Many preferred, opposed by some, to retain language on human rights, with some calling to retain text on Indigenous Peoples and local communities’ rights and references to sustainable development.
Article 6.4 (mechanism): In informal consultations, parties made several requests to add or bring back brackets in the text, and to re-insert or add new text. One group emphasized that guidance should be implementable and not place a burden on participating countries. Some parties and groups called for bringing back language on human rights.
On the supervisory body, some parties called for stronger language on the issue of conflict of interest for the body’s members. Parties also commented on the importance of gender-balanced representation in the supervisory body. On participation responsibilities, some called for stressing sustainable development as a national prerogative.
On the activity cycle, countries shared views regarding the length of the crediting period. One country called for forest-specific crediting periods. One group suggested that issues related to host country participation should be discussed under the CMA this week, stressing, with another group, that business as usual baselines “are not tenable” given the emissions gap projected for 2030 resulting from implementing current NDCs. One country suggested adding language on ensuring environmental integrity when setting baselines.
On the aims of activity design, parties diverged on whether or not to refer to mitigation co-benefits or economic diversification plans.
Some indicated a preference for cross-references to a section on corresponding adjustments instead of spelling out related guidance in other sections.
On transition, one group called for supporting small-scale activities. One country called for equal treatment of the Clean Development Mechanism and Joint Implementation. One group emphasized adding language on not allowing the use of pre-2020 units from overachievement under the Kyoto Protocol towards NDCs.
Article 6.8 (non-market approaches): In informal consultations, parties stressed the importance of Article 6.8, with one group calling for it to be operationalized along with other Article 6 items and not be left behind. A country said the text retained elements that had not received explicit support during consultations as well as elements that parties had called to be removed.
On the cover decision, one group called for bracketing some of the proposed focus areas of the work programme activities. One country asked to add the word “possible” to “institutional arrangements.” On governance, one country called for an expert group, working in parallel with the SBSTA and SBI, to implement the framework for non-market approaches.
Article 6 (closing plenary): In the closing plenary, the SBSTA adopted conclusions on each sub-item (FCCC/SB/2019/L.16-18). The SBSTA Chair noted work on these items would continue under the CMA and expressed hope that, with the aid of the COP Presidency, parties will reach agreement and the CMA will adopt the relevant decisions.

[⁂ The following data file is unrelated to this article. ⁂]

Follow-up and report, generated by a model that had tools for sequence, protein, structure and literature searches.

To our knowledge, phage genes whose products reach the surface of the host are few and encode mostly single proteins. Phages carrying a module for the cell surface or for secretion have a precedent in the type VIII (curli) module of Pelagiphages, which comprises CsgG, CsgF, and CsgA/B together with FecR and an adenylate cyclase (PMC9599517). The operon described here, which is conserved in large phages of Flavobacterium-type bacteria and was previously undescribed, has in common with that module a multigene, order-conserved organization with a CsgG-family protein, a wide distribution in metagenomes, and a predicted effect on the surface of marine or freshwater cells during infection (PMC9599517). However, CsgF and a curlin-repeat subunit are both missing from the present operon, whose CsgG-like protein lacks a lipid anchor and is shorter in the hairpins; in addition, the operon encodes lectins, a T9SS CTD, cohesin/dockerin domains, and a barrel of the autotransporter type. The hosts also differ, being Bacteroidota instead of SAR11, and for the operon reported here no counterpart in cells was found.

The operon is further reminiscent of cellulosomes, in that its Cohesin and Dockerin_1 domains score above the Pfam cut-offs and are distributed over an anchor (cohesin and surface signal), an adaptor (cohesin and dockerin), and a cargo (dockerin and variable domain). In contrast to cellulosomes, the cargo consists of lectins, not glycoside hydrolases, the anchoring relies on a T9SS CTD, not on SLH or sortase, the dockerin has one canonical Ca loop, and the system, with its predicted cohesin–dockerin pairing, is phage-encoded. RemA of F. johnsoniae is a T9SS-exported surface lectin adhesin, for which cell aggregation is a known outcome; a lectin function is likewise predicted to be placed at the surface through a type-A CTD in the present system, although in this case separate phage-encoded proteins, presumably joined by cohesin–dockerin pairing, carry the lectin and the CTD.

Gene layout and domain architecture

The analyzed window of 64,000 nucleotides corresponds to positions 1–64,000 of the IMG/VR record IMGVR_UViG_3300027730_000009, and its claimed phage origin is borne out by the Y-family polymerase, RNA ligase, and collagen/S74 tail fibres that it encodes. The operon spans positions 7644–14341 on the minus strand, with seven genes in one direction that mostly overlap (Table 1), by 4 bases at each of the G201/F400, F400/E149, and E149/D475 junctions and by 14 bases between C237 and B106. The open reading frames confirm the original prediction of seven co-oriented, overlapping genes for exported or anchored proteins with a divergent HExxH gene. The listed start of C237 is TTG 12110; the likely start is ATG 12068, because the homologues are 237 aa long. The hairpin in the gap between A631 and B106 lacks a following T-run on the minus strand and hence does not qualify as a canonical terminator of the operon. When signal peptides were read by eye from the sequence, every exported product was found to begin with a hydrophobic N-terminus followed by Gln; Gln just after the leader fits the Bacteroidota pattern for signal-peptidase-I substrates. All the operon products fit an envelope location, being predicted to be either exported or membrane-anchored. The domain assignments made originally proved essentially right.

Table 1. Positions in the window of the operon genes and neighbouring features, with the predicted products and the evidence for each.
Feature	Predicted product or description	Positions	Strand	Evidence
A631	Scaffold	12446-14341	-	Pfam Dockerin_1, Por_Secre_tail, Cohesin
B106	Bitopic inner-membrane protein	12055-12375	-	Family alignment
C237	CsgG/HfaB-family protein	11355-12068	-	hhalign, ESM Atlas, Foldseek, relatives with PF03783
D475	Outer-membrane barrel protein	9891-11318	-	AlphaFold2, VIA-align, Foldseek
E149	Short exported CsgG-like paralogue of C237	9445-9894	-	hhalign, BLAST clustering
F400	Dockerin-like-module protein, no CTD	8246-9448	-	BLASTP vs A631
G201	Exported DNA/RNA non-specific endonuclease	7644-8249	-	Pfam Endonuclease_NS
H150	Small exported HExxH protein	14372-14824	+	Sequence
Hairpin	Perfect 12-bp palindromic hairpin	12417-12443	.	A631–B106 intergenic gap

Closure and Report of the Session: The SBSTA adopted its report (FCCC/SBSTA/2019/L.12). Chair Watkinson closed the session at 2:19 am on Tuesday, 10 December.
Scope of the Next Periodic Review of the Long-Term Global Goal under the Convention and of Overall Progress towards Achieving It: Madoka Yoshino (Japan) co-facilitated informal discussions.
After consultations, one developing country group made a bridging proposal regarding the scope of the periodic review such that the review would both enhance parties’ understanding of the long-term global goal and “assess the overall aggregated efforts of the steps taken by parties in order to achieve the ultimate objective of the Convention.” The group stressed that this proposal would be withdrawn if consensus was not achieved.
Many parties expressed their disappointment that consensus could not be reached. The Co-Facilitators noted they would consult the SB Chairs.
Informal Stocktaking Session
COP 25 President Carolina Schmidt announced the way forward. In relation to issues that the subsidiary bodies could not complete, she announced that the following will be undertaken by pairs of ministers: Article 6; WIM; response measures; and decision 1/CP.25, 1.CMP/15, 1/CMA.2. She announced that the following issues would be undertaken by members of the COP Presidency team: scope of the next periodic review of the long-term global goal and of overall progress achieving it; report and terms of reference on the CGE; and gender.
In the Corridors
Consultations remained tightly closed on Monday; many wondered whether the closing SBSTA and SBI plenaries would take place in time for the next day’s High-Level Segment opening ceremony. Several issues moved to consultations with heads of delegation, leaving observers and delegates whose issues had concluded idly refreshing the day’s schedule to see plenaries postponed later and later. Some left the plenaries, in the wee hours, saddened at the many unresolved issues, but hopeful that the ministers “could,” as one put it, “work their magic, even for issues they didn’t anticipate, like gender.”